Note: This advice is given by the CAP Executive about non-broadcast advertising. It does not constitute legal advice. It does not bind CAP, CAP advisory panels or the Advertising Standards Authority.

There is often a suspicion that some ads for escort agencies, saunas and massage parlours are, in fact, advertising sexual services from illegally trafficked women. Many of these ads appear in the personal or classified sections of local or regional newspapers.

Private classified advertising is not regulated by the ASA and they cannot therefore stop those types of ad from appearing. Business classified ads, on the other hand, are within the ASA’s remit and could be investigated if a complaint was received. The ASA will consider only the content and context of the ad and cannot investigate or make judgments about the business or service that lies behind the ad. In other words, the ASA cannot comment on the legality or otherwise of a business or service; concerns of that nature would fall to other bodies such as Trading Standards or, in this case, the Police.

Although private classified ads themselves are not in the ASA’s remit, the advertising of a classified ads website (or similar) would be. In 2015, the ASA upheld a complaint about a website which stated, “A little bit of Bella… A little bit of Layla… A little bit of Nicola… Get your own little bit at”. Whilst it was acknowledged this was a reference to a song, the ASA considered the ad objectified women and implied they could be bought on the website (W3 Ltd t/a Vivastreet, 8 July 2015).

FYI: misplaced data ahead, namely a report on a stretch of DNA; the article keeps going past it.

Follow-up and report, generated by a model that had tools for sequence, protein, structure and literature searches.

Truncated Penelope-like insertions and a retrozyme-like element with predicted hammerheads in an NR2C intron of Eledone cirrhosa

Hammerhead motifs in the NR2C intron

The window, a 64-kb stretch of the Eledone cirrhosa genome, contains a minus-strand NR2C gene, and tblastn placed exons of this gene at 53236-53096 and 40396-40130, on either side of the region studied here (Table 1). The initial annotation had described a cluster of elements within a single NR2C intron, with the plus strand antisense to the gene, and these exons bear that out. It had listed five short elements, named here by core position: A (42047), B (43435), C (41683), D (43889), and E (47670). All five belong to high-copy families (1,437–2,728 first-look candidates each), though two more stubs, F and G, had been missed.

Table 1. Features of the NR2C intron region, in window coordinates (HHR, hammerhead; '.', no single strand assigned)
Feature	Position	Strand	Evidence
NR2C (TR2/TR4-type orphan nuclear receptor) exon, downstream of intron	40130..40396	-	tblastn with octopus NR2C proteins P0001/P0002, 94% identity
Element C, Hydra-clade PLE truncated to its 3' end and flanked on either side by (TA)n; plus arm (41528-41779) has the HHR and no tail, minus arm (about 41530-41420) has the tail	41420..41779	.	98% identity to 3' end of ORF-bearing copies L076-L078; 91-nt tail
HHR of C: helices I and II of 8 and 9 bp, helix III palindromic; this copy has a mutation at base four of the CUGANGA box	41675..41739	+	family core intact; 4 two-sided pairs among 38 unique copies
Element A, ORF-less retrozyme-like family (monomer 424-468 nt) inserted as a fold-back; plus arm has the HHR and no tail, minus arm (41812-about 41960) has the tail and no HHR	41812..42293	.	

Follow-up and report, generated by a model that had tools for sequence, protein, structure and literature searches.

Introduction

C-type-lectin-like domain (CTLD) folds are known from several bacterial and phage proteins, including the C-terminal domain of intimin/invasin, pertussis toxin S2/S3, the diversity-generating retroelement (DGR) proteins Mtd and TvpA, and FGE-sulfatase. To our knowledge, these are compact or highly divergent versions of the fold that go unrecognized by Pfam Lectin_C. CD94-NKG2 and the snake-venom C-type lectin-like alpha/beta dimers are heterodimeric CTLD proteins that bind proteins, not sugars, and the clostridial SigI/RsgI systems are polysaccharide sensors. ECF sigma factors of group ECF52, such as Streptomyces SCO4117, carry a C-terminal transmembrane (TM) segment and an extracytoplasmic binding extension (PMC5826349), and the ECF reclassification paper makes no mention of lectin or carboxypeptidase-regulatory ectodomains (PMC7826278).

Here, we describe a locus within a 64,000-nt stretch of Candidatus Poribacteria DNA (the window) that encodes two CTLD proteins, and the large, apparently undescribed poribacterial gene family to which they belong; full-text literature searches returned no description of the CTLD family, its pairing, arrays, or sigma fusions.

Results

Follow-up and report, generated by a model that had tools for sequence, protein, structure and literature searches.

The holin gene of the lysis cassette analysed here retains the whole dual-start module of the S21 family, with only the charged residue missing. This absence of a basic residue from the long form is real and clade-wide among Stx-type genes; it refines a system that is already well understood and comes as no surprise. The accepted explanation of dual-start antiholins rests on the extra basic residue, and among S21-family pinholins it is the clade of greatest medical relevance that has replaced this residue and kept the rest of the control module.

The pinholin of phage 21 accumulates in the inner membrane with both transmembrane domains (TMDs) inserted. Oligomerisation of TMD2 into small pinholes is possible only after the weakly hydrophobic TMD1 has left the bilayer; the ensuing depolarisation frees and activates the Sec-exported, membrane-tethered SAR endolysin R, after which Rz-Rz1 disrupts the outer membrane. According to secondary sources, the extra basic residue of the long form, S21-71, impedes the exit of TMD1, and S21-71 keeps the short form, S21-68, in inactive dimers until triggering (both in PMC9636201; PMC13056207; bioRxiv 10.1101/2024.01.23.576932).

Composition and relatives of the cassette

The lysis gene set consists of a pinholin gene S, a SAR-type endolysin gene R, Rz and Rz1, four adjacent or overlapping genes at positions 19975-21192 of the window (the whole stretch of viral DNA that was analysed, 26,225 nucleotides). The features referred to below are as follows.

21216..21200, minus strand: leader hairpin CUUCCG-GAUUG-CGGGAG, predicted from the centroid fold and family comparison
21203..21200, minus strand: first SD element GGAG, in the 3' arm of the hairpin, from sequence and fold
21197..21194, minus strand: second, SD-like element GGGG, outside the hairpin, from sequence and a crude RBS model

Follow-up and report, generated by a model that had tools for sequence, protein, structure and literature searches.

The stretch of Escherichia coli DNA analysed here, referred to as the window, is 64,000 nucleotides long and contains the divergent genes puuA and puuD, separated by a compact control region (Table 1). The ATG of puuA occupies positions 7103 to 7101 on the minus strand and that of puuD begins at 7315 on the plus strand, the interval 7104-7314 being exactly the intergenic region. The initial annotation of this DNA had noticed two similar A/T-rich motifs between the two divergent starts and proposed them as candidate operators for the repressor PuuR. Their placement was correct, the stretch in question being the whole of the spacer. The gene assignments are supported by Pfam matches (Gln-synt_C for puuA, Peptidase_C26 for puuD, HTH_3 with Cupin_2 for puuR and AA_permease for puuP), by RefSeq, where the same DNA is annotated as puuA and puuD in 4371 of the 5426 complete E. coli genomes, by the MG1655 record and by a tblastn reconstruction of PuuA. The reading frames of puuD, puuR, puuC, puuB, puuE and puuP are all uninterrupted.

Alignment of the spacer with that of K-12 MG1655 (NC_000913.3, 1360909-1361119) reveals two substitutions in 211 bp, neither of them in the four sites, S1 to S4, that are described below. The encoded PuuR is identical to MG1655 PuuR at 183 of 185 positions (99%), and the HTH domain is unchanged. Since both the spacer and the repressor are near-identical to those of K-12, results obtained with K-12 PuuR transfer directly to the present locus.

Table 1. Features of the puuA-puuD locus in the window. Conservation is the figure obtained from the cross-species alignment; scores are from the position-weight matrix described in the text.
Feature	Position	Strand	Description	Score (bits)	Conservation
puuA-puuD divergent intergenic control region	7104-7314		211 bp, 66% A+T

The context in which an ad appears can also have an impact.  In 2022 the ASA upheld complaints about a dating service which referred to “thousands of lonely Ukrainian women” noting that the war in Ukraine meant that the vulnerability of Ukrainian women was an area of public concern. (Astrasoft Projects Ltd, 13 July 2022).

All marketers are obliged to ensure their ads are legal, incite no one to break the law, are prepared with a sense of responsibility to consumers and society and avoid causing serious or widespread offence. Irrespective of the legitimacy of the business, explicit images of naked or semi-naked women and men are likely to offend, as are claims that are disrespectful to all gender identities. Claims that allude to young or vulnerable individuals might be seen as socially irresponsible - for example, claims such as “Fresh New Girls Every Week” or “Hot, Young Babes - All Nationalities Daily” are almost certainly a problem.

Both CAP and the ASA are keen to ensure that legitimate businesses may trade and advertise if they do so legally, decently, honestly, truthfully, fairly and responsibly. Many legitimate businesses offer escort, sauna or massage services and the ASA distinguishes between the offence caused by advertising and that caused by the product. Claims such as, “Come in for a deluxe massage”, “Spend an evening with the Valley’s escorts”, “Saunas – Men Only” or “Visit Saucy’s Escort Agency” are unlikely to breach the Code in isolation.

Publishers and media owners should be aware of the concern and be on alert for ads which offer services that could involve enforced prostitution.

See ‘Legality’.

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